Via my friend David Hooker: Isn’t it time for you to outhorse your email?
Paul Klee’s puppets are delightful or creepy, and sometimes both.
Some of my recent posts:
Recently, in an attempt to take my own advice, I started reading David Copperfield, for the first time in many years. But I decided that I needed something a little less melancholy, and so returned to another old favorite:
It proved to be an excellent decision. Only in Wodehouse do you get sentences like this: “The fact that pigs were abroad in the night seemed to bring home to me the perilous nature of my enterprise.”
Let me simply commend to you all W. H. Auden’s profound theological commentary on these books:
If [Bertie] has no vices it is because his desires are too vague and too fleeting for him to settle down to one. Hardly a week passes without Bertie Wooster thinking he has at last met The Girl; for a week he imagines he is her Tristan, but the next week he has forgotten her as completely as Don Giovanni forgets; besides, nothing ever happens. It is nowhere suggested that he owned a watch or that, if he did, he could tell the time by it. By any worldly moral standard he is a footler whose existence is of no importance to anybody. Yet it is Bertie Wooster who has the incomparable Jeeves for his servant. Jeeves could any day find a richer master or a place with less arduous duties, yet it is Bertie Wooster whom he chooses to serve. […]
The Quest Hero often encounters an old beggar or an animal who offers him advice: if, too proud to imagine that such an apparently inferior creature could have anything to tell him, he ignores the advice, it has fatal consequences; if he is humble enough to listen and obey, then, thanks to their help, he achieves his goal. But, however humble he may be, he still has the dream of becoming a hero; he may be humble enough to take advice from what seem to be his inferiors, but he is convinced that, potentially, he is a superior person, a prince-to-be. Bertie Wooster, on the other hand, not only knows that he is a person of no account, but also never expects to become anything else; till his dying day he will remain, he knows, a footler who requires a nanny; yet, at the same time, he is totally without envy of others who are or may become of some account. He has, in fact, that rarest of virtues, humility, and so he is blessed: it is he and no other who has for his servant the godlike Jeeves.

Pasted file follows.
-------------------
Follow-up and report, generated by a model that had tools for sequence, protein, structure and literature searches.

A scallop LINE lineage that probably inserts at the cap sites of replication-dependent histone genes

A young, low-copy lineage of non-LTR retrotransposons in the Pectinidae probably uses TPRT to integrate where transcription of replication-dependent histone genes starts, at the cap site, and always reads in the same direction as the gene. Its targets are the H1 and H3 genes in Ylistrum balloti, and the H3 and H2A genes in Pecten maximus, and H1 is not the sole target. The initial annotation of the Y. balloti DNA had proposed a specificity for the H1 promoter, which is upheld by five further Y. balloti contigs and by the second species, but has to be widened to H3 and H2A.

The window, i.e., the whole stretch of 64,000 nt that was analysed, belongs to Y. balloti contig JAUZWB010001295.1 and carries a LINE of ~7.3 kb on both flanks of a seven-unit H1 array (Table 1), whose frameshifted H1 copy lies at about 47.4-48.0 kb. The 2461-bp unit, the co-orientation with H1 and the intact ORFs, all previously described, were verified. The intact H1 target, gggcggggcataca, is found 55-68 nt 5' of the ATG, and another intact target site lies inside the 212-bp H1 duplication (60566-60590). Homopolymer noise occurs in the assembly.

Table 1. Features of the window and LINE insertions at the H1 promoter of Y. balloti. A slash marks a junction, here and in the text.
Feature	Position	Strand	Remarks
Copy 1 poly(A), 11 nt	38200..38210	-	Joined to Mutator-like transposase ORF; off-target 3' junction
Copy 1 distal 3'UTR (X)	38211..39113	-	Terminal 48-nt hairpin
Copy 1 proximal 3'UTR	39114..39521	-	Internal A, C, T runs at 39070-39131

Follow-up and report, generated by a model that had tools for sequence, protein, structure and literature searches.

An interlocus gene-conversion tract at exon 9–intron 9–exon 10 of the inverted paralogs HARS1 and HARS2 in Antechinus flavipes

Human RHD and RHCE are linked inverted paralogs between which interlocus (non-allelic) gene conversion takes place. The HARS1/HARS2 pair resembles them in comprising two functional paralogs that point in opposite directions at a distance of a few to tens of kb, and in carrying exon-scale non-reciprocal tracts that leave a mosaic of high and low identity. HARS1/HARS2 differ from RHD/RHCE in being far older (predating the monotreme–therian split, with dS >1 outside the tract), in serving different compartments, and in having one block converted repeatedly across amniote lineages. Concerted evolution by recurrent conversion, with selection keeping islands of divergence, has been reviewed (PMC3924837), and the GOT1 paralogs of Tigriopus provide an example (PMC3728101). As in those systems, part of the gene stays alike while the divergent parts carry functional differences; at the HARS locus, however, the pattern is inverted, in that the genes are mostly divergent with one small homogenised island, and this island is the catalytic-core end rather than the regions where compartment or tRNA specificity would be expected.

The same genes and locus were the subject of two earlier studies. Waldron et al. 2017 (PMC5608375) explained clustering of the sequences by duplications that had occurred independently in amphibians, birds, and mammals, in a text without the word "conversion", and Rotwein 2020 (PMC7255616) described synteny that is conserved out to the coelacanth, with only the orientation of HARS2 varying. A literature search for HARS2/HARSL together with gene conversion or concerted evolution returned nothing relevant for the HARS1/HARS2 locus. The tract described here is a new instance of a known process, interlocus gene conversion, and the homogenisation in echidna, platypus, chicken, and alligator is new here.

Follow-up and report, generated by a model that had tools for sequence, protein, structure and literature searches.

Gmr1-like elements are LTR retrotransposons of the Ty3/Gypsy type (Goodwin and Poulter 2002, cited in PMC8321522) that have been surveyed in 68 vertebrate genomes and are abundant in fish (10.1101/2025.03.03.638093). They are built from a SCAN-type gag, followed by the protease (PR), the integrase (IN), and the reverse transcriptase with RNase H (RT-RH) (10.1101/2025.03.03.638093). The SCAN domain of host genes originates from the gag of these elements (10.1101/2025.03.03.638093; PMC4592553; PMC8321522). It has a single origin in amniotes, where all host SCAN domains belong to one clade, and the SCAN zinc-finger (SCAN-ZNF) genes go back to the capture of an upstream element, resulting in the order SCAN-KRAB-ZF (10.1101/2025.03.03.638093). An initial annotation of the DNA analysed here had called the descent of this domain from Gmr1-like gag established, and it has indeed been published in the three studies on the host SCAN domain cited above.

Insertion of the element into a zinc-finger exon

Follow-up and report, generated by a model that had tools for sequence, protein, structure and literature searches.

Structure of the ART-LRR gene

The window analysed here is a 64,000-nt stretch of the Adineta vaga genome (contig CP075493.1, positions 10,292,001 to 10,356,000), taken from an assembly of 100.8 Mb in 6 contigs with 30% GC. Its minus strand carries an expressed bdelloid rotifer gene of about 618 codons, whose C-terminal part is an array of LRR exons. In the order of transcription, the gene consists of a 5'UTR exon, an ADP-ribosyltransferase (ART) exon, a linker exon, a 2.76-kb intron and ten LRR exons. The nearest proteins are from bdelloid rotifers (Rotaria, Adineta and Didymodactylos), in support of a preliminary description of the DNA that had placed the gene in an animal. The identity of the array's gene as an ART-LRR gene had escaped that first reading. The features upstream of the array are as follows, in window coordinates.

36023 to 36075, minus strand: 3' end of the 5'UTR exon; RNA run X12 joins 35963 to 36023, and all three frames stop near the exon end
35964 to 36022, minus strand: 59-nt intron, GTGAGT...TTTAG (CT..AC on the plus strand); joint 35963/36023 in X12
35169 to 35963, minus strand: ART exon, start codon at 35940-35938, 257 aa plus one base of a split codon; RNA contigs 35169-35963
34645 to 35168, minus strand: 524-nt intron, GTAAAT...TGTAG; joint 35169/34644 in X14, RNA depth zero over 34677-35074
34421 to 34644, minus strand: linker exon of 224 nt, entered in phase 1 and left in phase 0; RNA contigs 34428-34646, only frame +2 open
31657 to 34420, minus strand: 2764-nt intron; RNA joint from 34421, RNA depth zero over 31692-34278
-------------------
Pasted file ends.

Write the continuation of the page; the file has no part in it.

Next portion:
— All the other great men of the age are simply in the crowd, watching you go by.
— Thank you very much, sir. I endeavor to give satisfaction.
So speaks comically – and in what other mode than the comic could it on earth truthfully speak? – the voice of Agape, of Holy Love.